In New Mexico, Harjo points out, it was born on the banks of the Pecos River in Fort Sumner at what was essentially a concentration camp for Navajos and Apaches forced from their homelands by U.S. raids.

The imprisoned Indians were given rations they had never seen before: sacks of white flour, salt and iron pots.

The women did their best with the alien flour and formed dough balls they patted flat and cooked in boiling animal fat over fires.

What is now called Navajo fry bread had been born. When Navajos returned to the reservation that had been carved out for them, fry bread came, too.

That story reminds me very much of the matzo story, except that this was the food of a people going into oppression, rather than being liberated from it (and after eight days, nobody wants to eat more matzo for a while, either). I really think that Harjo has a much stronger argument here, that frybread is an artifact of the tragedy of Native history, but she runs the risk of cementing it's place in Native celebrations by turning it into a symbol of resistance and perseverance.

Frybread's popularity has been sustained by the public assistance provided by the US government over the years, which emphasizes" commodity foods" like flour, lard, sugar and salt, staples of the Western diet but relatively rare in pre-contact Native diets.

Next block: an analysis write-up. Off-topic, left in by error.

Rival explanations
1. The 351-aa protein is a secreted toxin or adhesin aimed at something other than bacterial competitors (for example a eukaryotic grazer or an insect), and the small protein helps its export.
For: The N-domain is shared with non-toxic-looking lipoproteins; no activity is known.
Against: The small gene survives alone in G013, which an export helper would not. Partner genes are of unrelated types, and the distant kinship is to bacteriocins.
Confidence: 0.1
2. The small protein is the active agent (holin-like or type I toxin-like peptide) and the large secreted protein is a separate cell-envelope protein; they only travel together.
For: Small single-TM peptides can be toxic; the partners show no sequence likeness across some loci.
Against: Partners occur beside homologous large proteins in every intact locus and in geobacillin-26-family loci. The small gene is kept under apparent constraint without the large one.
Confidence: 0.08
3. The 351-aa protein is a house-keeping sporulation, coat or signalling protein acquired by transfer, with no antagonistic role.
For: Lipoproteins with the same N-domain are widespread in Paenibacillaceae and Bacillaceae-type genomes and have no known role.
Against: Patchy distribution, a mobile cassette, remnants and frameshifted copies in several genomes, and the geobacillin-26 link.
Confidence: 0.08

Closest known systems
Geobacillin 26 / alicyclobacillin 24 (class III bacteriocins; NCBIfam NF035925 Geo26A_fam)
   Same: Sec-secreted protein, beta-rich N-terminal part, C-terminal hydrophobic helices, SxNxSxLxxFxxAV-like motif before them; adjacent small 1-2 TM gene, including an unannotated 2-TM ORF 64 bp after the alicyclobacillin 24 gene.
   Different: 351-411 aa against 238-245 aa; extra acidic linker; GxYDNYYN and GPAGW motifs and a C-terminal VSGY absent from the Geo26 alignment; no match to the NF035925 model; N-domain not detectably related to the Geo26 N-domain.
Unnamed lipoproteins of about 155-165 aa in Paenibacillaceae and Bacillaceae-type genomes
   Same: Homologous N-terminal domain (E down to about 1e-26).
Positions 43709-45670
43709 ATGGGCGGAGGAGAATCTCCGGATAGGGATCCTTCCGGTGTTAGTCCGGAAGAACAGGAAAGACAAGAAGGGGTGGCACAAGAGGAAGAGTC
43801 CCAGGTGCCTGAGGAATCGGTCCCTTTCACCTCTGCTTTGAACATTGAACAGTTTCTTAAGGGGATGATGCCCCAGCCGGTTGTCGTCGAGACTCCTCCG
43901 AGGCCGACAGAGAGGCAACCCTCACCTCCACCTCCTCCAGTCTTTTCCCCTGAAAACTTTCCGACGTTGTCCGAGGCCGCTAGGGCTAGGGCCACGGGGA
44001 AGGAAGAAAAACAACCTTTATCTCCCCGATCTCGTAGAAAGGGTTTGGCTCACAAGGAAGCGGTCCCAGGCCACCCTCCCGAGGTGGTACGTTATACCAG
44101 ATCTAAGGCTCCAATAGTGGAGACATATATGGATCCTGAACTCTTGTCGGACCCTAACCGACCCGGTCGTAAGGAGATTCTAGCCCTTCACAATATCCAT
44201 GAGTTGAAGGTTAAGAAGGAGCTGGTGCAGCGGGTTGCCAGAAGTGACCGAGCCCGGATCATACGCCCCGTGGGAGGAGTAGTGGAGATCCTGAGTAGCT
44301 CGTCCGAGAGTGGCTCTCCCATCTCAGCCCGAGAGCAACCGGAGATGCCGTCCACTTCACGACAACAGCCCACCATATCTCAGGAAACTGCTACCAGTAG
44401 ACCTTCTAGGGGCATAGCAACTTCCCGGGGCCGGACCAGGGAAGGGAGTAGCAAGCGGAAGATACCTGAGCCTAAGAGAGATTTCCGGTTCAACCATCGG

[Stephen] Deo's second poster depicts lard and other commodity foods. An equals sign follows the image, so that the message essentially reads:"Commodities = public assistance = welfare."
There's a whole discussion to be had here of the relationship between poverty, charity/welfare and nutrition, but I'll leave that to the public health folks for now.
Harjo acknowledges the battle against fry bread will be an uphill one"simply because so many young people think it really is Indian and people have said it's a symbol of your people."